The Frightening Familiarity Of Tom Lockyer’s On-Field Collapse

The Frightening Familiarity Of Tom Lockyer’s On-Field Collapse


Tom Lockyer has done this scare-the-hell-out-of-all-his-friends-and-family-live-on-TV thing before, and because it was only last May, this latest incident worked on people’s nerves all the more effectively, and more frighteningly. Maybe that’s why the silence from everyone involved was so deafening, and so profound.

Lockyer is the captain at Luton Town, the smallest fry in the Premier League seafood emporium, and he has been the town’s first option for unconditional love long before his heart fritzed out at the English Championship final seven months ago. He collapsed eight minutes into that match, was whisked off to a hospital, and watched the second half of the Hatters’ match against Coventry City for a place in the ATM for smaller clubs that is the Prem. He was even immortalized on the world’s leading football website, captured in words by an woodland tramp.

The diagnosis then was atrial fibrillation. After surgery, he declared himself refitted for purpose, so his return this season was a no-brainer feel-good tale for the no-brainer feel-good story that was Luton. As their season forged toward its match-heavy middle stage, the Hatters were firmly ensconced in the relegation zone as everyone expected, but a key match Saturday against Bournemouth suggested their place in the downs was nowhere close to actually being the outs.

And then, just as had happened back in May, Lockyer collapsed away from play a second time, by all medical accounts due to cardiac arrest on the pitch. The crowd fell silent, prepped for the worst from the May incident, and though the fans from both sides sang some half-hearted songs while the Bournemouth medical staff worked on Lockyer, mostly the hall was quiet. The Sky broadcast team of Gary Taphouse and Lee Hendrie fell silent as well and said nothing whatsoever for much of the 25 minutes it took the medical people to stabilize Lockyer and cart him from the field. They interrupted only to say that the match had been abandoned and would be replayed at a later date.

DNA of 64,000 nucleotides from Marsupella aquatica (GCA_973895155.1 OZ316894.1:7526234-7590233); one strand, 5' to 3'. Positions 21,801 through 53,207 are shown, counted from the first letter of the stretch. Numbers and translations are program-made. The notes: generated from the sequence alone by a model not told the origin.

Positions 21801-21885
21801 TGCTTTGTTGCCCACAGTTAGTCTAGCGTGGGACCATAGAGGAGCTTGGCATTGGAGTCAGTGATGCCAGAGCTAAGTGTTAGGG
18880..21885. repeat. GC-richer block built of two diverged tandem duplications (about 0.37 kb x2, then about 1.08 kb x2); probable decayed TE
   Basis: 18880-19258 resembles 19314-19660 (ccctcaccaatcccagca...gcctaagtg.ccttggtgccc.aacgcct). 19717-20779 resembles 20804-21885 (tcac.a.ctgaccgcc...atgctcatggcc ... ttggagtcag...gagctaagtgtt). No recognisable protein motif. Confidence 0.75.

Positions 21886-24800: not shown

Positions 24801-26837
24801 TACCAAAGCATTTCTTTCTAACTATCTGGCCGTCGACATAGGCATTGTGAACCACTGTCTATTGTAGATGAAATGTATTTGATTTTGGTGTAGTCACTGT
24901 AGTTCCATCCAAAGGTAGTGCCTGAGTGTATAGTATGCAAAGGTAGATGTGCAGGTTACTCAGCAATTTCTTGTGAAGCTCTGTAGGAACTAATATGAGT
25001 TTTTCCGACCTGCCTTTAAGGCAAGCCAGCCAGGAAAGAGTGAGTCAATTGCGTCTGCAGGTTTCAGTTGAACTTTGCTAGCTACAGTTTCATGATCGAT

That is the eeriest part of the entire episode—the broadcast provided a quick recap of what happened to Lockyer and its background, and then let the video do its own talking. The closeups of Luton manager Rob Edwards circling the field with the Luton players applauding the crowd with tears in his eyes were far more explanatory and mature than, say, earlier this year when the ESPN crew kept talking without any new information about Damar Hamlin’s collapse because the assumption in the United States is that if a broadcaster is being paid, said broadcaster damned well better be yammering at full strength no matter what the content of the yammer might be. Truth be told, the silence was far more poignant and instructive, and no pertinent information was lost by the choice not to ceaselessly repeat the same thing.

The update on Lockyer is as it was in May—stable, with tests being conducted to see if the cause this time was any different. The question of when he can play again, or whether he should even try, remains in abeyance. But two of these in seven months seems like a pretty strong hint that the first operation didn’t fix the problem, quite possibly because the problem is significantly more serious than something surgery can fix. Then again, maybe his heart is perfectly fine for someone who doesn’t have to run eight miles in 90 minutes week in and week out.

Either way, it was Lockyer’s second flirtation with death, and we’re not sure anyone really has the stomach for a third. He’s scared the hell out of everyone (presumably including himself), and there might be a level of “that’s enough” that comes too close to too much. Sometimes—sad as it may be for Lockyer and his game but wonky heart—the answer you don’t want is the answer you get anyway.




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